The Charlotte of the title is Charlotte Mullen, but before we meet her we are introduced to Francie Fitzpatrick, living with her cousins in Dublin, and already a confirmed flirt.  Then the story moves to a small town called Lismoyle in the west of Ireland.  There Charlotte lives, in a house inherited from her aunt, which is overrun with cats and kittens, on whom she dotes.  On her death-bed, old Mrs. Mullen reminded Charlotte of her promise to take care of Francie, her great-niece and Charlotte's cousin, though she has left no legacy in her will.  Charlotte finds that promise as inconvenient as John Dashwood did his.  Eventually she invites Francie to stay with her at Tally Ho.  That summer Francie meets again Roddy Lambert, an old friend and flirt from Dublin, now an estate agent for the Dysart family.  He is an even older friend of Charlotte, who has befriended his wife in turn.  Francie is also introduced to the Dysarts, whose son and heir Christopher takes an interest in her, though she prefers the company of Gerald Hawkins, an officer of the regiment stationed in the neighborhood.  She is less popular with the ladies of Lismoyle, who deplore her vulgar Dublin accent and her flashy clothes as much as her flirtatious ways.  Charlotte, who hopes that Francie may make an advantageous marriage that will cement her own social position, lets her go her own way.

There is so much to enjoy in this book.  The authors make the settings so real, from Charlotte's house at Tally Ho to Bruff, the estate of the Dysarts, to Francie's cousins' overflowing cottage in Bray.  But while the landscape is beautifully described, the homes are frequently dirty and squalid (Bruff being a notable exception).  Some reviewers at the time complained that two young gentlewomen had written about a "seamy" side of Irish life, and family members commented as well.  Somerville and Ross were apparently unfazed.  They always considered this their best book, and I can see why.

What really makes the book is the strength of the characters.  I was particularly taken with the Dysarts, the Anglo-Irish squire's family.  Christopher, the heir, has just returned from a diplomatic post abroad.  He lives at home with a brother and sister and their parents, spending his time sailing on the nearby lake and taking photographs.  His mother adds a lot of humor to the story.
Lady Dysart had in her youth married, with a little judicious coercion, a man thirty years older than herself, and after a long, and on the whole, extremely unpleasant period of matrimony, she was now enjoying a species of Indian summer, dating  from six years back, when Christopher's coming of age and the tenants' rejoicings thereat, had caused such a paroxysm of apoplectic jealousy on the part of Christopher's father as, combining with the heat of the day, had brought on a 'stroke.'  Since then the bath-chair and James Canavan [his attendant] had mercifully intervened between him and the rest of the world, and his offspring were now able to fly before him with a frankness and success impossible in the old days.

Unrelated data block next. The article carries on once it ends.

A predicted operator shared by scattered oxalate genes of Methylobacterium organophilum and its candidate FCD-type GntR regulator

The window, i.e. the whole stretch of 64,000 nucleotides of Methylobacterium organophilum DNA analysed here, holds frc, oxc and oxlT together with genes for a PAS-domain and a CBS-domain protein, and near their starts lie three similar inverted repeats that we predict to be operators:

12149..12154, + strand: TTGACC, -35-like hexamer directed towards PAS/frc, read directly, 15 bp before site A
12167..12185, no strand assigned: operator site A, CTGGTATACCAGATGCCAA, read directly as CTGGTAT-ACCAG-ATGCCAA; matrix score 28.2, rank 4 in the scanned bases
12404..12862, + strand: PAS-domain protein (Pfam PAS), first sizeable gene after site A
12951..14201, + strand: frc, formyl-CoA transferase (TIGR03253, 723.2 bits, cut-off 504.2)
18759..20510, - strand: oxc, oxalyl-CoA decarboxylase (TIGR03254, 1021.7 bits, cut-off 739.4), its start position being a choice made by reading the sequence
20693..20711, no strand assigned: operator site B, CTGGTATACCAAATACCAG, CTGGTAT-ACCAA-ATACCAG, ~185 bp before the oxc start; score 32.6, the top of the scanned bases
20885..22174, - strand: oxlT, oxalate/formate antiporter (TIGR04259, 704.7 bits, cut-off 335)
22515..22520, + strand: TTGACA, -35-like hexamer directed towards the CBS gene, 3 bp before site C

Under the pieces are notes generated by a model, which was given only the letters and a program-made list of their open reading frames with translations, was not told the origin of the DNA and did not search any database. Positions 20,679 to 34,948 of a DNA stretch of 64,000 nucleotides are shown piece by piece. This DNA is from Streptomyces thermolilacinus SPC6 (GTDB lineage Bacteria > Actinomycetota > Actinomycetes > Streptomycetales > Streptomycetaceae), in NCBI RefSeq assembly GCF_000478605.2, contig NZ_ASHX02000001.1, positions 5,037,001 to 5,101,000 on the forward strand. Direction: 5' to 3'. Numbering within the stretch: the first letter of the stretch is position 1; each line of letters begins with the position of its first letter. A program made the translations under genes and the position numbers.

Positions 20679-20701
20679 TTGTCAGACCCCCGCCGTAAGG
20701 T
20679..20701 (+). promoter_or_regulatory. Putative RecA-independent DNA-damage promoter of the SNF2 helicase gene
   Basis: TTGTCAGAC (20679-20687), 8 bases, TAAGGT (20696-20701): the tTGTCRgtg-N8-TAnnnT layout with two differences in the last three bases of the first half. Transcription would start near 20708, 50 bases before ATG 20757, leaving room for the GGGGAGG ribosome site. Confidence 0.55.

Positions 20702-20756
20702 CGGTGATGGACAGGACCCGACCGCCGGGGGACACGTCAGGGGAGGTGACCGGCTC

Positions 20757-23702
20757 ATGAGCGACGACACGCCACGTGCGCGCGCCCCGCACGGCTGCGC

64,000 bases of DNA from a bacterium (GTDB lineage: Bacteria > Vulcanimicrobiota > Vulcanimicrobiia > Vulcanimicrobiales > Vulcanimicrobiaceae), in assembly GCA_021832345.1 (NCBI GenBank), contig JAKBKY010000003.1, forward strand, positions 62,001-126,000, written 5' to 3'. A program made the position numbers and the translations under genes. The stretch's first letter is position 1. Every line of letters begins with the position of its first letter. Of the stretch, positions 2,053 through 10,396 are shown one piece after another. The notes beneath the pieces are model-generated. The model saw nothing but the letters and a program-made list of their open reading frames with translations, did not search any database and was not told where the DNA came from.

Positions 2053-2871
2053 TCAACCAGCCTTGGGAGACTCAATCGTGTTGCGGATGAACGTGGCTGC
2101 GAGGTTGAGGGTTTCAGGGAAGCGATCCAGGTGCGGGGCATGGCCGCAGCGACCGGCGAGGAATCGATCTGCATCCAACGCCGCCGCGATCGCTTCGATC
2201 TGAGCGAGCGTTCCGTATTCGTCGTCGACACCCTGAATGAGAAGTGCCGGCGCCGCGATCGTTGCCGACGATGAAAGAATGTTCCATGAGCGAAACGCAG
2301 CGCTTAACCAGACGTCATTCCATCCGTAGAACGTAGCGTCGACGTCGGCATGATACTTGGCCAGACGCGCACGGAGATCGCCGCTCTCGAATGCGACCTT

But it is Francie and Charlotte who really dominate the story.  Francie may be young, and badly brought-up, but she has a kind heart and a "staunchness of soul that was her redeeming quality."  Charlotte - oh my.  Few people know the real Charlotte, "the weight of [her] will, and the terror of her personality" - luckily for them.**  Somerville and Ross claimed that she was one of the few characters drawn from real life in all their fiction.  She was based on a relation who had bilked Somerville out of an inheritance, as Charlotte did Francie.  (Ross wrote Somerville about meeting people who knew the actual "Charlotte," to whom they also were related.  She panicked initially, but "They were enchanted about it...").

My only quibble with the book is its rather abrupt ending, which leaves the fate of one character hanging.  I really want to know what happens next, to several of the characters.**

N.B. After a long hiatus, I can finally add another year to my Century of Books.

**Some spoilers follow:

Mostly, I'd like to know that Charlotte gets her just deserts.  She commits two crimes in particular that shocked me.  First, she encourages Roddy Lambert's wife to break into his desk, looking for compromising letters from Francie.  Mrs. Lambert, who has a weak heart, suffers a heart attack in the process and is unable to reach her medicine.  Charlotte lets her die while reading Roddy's letters herself.  Later she cold-bloodedly helps the bereaved husband sort through her clothes, taking a good portion for herself.  In her second crime, she steams open Roddy's mail, discovers that he has been misappropriating funds from the Dysart estate, and informs Christopher Dysart, who then moves to fire Roddy.  She blackmails, she manipulates, she lies - and she gets almost everything she wants.  It's the one thing she doesn't get that brings tragedy, but not to her. Such a wicked - and fascinating - character!  I think she is also the earliest example of a "crazy cat lady" that I have come across. The fate of one of her kittens still haunts me, though that at least was not her fault.